Most cat owners have seen evidence that their feline friend is a hoarder in one way or another. They might find a stash of trinkets near the cat’s food dish, or a collection of toys where the cat spends the most time relaxing. Whatever tactics cats employ, they do it in plentiful numbers and leave their owners baffled. There are some opposing theories as to why a cat’s hoarding behavior occurs in the first place.
Developing Hunting Skills
Just as all animals have natural instincts and practice using them when they are young, so goes the life of a cat. They are hunters and they have to teach their children, or kittens, to appreciate their prey. They might bring dead prey to their young kittens in order to start feeding them solid food. Eventually, they will also bring live food to the young ones so that they too can practice the art of the kill.
Some speculators believe that a cat’s hoarding behavior is simulating bringing the prey back to the home base. This is why cats often bring it to their food dish. Even finding the item in the first place may be part of the skill of the hunt. You can see this behavior demonstrated when cats practice stalking behavior on things they aren’t going to kill, or can’t kill. It’s just part of their developmental process.
Tending to the Young
Another theory concerns how cats tend to their young directly. Mother cats keep their kittens in one area to ensure their safety. When a curious kitten starts to wander off, the mother cat will seek the kitten out and bring it back to the safe area. Some believe that the hoarding practice is just a cat sharpening their nurturing skills. Yet, others wonder why even male cats hoard if this is the case.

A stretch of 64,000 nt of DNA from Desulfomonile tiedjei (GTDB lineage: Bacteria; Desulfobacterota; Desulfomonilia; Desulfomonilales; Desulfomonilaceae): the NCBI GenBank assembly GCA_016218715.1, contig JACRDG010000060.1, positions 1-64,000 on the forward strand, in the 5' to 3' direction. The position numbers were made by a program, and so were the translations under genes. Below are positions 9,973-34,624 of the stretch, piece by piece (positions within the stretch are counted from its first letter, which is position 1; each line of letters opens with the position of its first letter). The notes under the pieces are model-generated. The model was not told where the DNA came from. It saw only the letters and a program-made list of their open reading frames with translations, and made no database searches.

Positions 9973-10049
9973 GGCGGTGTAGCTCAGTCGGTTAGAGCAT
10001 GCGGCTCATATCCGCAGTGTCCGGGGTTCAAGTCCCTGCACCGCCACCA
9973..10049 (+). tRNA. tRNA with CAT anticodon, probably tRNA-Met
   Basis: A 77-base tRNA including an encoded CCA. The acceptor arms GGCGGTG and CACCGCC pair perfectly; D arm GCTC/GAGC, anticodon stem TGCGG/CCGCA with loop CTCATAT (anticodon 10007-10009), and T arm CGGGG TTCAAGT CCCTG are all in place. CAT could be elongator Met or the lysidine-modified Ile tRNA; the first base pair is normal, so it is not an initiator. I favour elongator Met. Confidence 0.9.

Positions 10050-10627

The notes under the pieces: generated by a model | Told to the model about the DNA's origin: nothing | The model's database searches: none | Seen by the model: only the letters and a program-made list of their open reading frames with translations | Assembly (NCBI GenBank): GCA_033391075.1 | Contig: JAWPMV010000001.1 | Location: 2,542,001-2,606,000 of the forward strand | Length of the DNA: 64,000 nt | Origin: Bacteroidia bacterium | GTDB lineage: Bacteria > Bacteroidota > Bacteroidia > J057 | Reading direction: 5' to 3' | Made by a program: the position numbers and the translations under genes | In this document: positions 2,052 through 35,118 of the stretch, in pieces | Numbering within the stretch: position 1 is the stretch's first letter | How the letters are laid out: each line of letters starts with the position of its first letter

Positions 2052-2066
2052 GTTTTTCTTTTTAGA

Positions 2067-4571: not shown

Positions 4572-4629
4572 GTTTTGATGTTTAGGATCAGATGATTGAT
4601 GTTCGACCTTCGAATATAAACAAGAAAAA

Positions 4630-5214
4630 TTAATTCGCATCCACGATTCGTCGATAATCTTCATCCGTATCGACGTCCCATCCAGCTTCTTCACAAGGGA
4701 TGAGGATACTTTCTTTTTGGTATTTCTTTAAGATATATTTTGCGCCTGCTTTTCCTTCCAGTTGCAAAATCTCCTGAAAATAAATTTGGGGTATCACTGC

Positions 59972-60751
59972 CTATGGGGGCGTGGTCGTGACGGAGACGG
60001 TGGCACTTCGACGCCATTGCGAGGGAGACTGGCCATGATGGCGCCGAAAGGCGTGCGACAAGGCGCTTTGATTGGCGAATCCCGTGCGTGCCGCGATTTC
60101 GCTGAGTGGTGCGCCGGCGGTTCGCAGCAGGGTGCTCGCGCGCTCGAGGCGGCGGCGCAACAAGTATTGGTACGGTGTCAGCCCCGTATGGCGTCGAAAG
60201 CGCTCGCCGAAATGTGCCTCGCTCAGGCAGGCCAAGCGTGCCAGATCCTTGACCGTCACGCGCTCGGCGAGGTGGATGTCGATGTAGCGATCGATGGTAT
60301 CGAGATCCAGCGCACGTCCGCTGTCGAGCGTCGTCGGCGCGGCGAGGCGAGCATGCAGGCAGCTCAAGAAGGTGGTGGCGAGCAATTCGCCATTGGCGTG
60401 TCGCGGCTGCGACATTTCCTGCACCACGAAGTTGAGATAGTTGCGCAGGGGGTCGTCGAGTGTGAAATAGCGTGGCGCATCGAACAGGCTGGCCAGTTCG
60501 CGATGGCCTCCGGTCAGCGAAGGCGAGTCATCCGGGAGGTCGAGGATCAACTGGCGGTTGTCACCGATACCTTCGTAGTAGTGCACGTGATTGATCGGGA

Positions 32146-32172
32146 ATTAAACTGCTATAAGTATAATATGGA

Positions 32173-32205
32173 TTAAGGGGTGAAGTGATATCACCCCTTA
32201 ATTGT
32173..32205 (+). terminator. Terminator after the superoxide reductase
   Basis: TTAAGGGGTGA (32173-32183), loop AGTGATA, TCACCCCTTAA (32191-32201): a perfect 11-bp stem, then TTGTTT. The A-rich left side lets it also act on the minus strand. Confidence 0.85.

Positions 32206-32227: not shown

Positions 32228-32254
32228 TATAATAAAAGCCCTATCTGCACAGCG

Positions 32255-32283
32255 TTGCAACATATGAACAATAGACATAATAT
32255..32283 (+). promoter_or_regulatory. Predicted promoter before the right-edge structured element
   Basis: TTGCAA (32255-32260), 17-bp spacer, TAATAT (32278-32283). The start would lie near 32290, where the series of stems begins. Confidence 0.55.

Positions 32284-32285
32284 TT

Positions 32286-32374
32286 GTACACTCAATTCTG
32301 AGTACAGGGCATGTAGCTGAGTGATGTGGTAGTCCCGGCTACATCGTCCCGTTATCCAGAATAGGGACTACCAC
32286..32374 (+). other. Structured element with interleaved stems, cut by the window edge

In the animal kingdom, there are specific gender roles that the male and female each follow. This doesn’t mean they don’t know how to perform the other roles. In fact, the circle of life demands that each gender can perform all roles in order to prepare for the loss of the other gender. In other words, a male cat who doesn’t normally tend to the kittens should still know how to do it just in case something happens to the female cat. This is the case in almost every animal, since the purpose of every creature is to perpetuate the existence of the species in general.
As predators, cats sometimes hunt even when they don’t have to, such as when they have owners who regularly fill their food dish with nutritious CANIDAE pet food. It goes against the instinct of a cat not to hunt, but why do they sometimes bring the prey to their owners? Again, there are theories about this behavior as well.
One theory suggests that cats really do think they are the superior species. By default, this would suggest that we humans are inferior and need tended to. This concept might be further developed when cats see people cleaning their litter boxes and never hunting. If this is true, the gift of prey is the cat’s way of saying they will take care of their humans, even if their humans don’t appreciate it.
Another theory suggests that these gifts of prey are given in appreciation for what the human does for the cat. As finicky as some felines are about the time they actually spend with their humans, maybe the gift of a squirrel or mouse is meant to make up for past neglects.
And then there is the idea that cats just enjoy collecting things and hunting for the sake of the kill, showing off their prey as if to remind humans that we aren’t really a necessity in the feline world.
Read more articles by Langley Cornwell